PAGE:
If you are a property owner who has had a construction lien filed against your property, you may have defenses allowing you to discharge the lien at the lien claimant’s expense. Liens against property are problematic because they can prevent transfers of the property or impede your ability to obtain a mortgage. This article will explore some of the defenses available in the event a construction lien has been claimed against your property.
For most residential construction contractors, the risk of non-payment is a threat that, if realized, can cease the day-to-day operations of the business. Non-payment usually stems from a dispute between the owner and general contractor (“GC”) regarding the quality of the work. Regardless of whether you are a GC or subcontractor, the filing of a construction lien is a powerful weapon against non-payment. In the residential construction context, the filing of a construction lien has additional requirements above and beyond that of commercial construction. This article will discuss the added requirements necessary to validly record a residential construction lien claim.
As a full service law firm, Scura, Wigfield, Heyer, Stevens & Cammarota LLP provides legal services and advice to both established corporate entities and start-up companies. One of the most common questions that individuals looking to launch a start-up company ask is: What type of business entity should I form? Our firm has extensive experience with Limited Liability Companies, C-Corporations, S-Corporations, Partnerships, and Sole Proprietorships. Notwithstanding, the most common types of business entities are LLCs and Corporate Entitles, C-type and S-type. This blog will focus on the legal issues related to the two most common business entities. Lastly, please speak with a tax professional prior to forming a corporate entity to determine which tax classification is best for your business purposes.
Many business owners find themselves in a situation where they are saddled with debt and can see no way out. These businesses may even own real property facing foreclosure. An insolvency proceeding through the bankruptcy court or an assignment for the benefit of creditors through the State Court may be the answer to your problems.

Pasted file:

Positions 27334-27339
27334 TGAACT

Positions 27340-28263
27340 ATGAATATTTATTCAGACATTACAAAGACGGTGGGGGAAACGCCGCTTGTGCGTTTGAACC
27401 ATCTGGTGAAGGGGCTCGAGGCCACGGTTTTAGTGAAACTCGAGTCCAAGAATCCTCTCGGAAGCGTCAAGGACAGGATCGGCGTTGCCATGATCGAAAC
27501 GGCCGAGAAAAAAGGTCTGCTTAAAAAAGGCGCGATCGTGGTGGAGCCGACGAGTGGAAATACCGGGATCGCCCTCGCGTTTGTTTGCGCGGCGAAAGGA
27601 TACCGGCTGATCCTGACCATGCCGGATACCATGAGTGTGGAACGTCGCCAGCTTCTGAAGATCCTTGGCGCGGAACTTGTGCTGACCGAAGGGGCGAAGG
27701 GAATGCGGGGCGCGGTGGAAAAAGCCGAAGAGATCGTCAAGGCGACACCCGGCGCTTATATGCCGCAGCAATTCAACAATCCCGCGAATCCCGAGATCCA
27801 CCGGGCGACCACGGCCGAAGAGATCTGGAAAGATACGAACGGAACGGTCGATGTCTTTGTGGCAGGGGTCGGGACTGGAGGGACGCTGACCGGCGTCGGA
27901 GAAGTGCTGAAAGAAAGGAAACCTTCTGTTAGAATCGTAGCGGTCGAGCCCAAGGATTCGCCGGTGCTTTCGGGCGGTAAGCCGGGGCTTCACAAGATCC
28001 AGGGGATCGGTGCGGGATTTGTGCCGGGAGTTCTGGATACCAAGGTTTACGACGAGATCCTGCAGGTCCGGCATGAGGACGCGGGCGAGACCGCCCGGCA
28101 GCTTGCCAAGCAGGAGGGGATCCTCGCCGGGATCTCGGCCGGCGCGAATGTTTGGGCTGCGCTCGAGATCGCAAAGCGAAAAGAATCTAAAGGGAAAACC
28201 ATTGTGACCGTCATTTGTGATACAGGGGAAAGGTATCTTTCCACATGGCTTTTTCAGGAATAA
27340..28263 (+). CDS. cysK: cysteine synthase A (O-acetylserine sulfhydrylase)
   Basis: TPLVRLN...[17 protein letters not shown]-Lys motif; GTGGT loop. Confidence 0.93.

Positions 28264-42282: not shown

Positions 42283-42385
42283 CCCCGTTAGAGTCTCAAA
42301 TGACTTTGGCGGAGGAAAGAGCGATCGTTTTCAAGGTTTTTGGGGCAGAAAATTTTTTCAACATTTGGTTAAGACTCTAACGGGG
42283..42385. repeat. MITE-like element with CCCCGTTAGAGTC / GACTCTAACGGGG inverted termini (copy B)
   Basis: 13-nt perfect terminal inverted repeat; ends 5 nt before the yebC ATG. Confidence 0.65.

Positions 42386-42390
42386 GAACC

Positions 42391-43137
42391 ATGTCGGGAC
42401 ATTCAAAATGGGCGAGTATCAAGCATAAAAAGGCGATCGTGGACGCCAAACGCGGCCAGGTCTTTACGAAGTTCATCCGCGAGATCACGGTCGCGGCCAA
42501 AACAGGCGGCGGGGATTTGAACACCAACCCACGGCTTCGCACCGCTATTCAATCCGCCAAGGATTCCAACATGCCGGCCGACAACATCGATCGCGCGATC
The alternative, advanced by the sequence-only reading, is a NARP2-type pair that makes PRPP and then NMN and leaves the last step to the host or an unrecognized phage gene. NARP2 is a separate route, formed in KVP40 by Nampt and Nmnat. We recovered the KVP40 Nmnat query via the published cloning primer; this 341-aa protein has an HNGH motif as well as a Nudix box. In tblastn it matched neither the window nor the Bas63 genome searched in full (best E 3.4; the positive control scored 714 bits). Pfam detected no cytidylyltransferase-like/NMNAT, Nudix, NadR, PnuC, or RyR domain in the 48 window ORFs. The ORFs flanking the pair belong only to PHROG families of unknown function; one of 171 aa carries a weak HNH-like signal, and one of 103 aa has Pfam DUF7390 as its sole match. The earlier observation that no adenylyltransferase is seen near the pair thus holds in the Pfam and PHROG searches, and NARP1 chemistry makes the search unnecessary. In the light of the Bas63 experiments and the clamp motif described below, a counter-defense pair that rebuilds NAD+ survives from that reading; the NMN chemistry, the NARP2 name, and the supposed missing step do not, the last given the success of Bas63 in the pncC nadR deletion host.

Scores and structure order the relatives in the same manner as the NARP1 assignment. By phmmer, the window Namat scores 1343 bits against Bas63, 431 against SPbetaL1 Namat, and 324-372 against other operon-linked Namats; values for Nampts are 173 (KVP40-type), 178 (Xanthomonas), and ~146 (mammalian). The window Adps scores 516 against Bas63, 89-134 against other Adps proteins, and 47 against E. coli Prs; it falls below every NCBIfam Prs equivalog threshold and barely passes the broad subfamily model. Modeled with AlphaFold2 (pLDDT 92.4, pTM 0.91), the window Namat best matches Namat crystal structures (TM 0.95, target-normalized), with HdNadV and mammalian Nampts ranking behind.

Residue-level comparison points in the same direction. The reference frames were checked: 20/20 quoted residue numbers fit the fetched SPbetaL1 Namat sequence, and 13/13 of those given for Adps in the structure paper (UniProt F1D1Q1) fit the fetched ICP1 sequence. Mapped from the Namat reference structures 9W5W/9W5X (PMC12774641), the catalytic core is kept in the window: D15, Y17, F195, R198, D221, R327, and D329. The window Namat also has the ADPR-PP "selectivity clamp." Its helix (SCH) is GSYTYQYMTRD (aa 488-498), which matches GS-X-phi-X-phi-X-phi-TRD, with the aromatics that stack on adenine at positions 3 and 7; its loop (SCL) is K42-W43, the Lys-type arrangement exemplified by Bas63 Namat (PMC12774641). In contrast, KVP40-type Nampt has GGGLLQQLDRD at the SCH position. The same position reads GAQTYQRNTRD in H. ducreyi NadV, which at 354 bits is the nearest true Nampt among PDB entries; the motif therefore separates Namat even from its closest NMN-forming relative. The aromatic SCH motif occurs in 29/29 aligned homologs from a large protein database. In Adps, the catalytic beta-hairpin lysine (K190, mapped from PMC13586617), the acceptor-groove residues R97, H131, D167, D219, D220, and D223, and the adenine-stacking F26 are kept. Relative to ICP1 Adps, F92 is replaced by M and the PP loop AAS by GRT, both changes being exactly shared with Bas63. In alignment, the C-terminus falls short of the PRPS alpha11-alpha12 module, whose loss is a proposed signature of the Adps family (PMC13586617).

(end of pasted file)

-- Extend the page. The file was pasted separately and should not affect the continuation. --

If you file personal bankruptcy and you own a business you have to be careful on the impact the bankruptcy will have. The first thing that has to be determined is the type of ownership structure, i.e., sole proprietorship, corporation, partnership or limited liability company. Next, you want to have an idea of the rough value of that business interest. To be sure, you want to be able to continue to operate and protect your ownership interest in the business if you file a bankruptcy.
Have you ever wondered how referrals work in law firm in New Jersey? Check out how the New Jersey Court Rule allows division of fees to avoid business disputes.
Business Bankruptcy & Licensee Rights
The rights afforded to a licensee under Section 365(n) trump "free and clear" sales under Section 365(f). This was the holding in a recent decision by Judge Kaplan in the Crumbs Bake Shop bankruptcy case; case number 14-24287. A court order allowing the sale of a bankrupt business free and clear of all liens will not reject or terminate a licensee's rights.
An innovative idea or untapped market niche does not automatically translate into commercial success. If you are forming your own business, it must be built upon a proper foundation. The choice of entity and the structuring of ownership agreements are critical elements that are often overlooked or set up improperly. This is how a business litigation or business planning lawyer can help.
(ABC) Viewed as an Effective and Less Costly Alternative to Bankruptcy for the Liquidation of a Business.
It was reported on February 12, 2007 in the National Post (Canada) by Columbia Professor Edward Morrison, that using state insolvency systems is faster and less expensive in most cases. Professor Morrison said, "It's a much less public event than a federal bankruptcy filing, and thought to be very quick and relatively cheap."
New Jersey Chapter 11 Bankruptcy vs. Assignment for the Benefit of Creditors
Like with anything, both chapter 11 bankruptcies and Assignments for the Benefit of Creditors have their advantages and disadvantages. An Assignment for the Benefit of Creditors can be a cost effective way of winding up the business of the Assignor and selling the assets of the Assignor under state court supervision. The buyer of the assets will still have the benefit of a court order stating that he or she is buying the assets free and clear of the debts of the Assignor. The principal of the Assignor is even allowed to buy the assets of the Assignor as long as the court determines that a fair price for the assets was paid. However, if a debtor company is attempting to save its company in its current form, then a reorganization through a chapter 11 bankruptcy is likely the better avenue to take.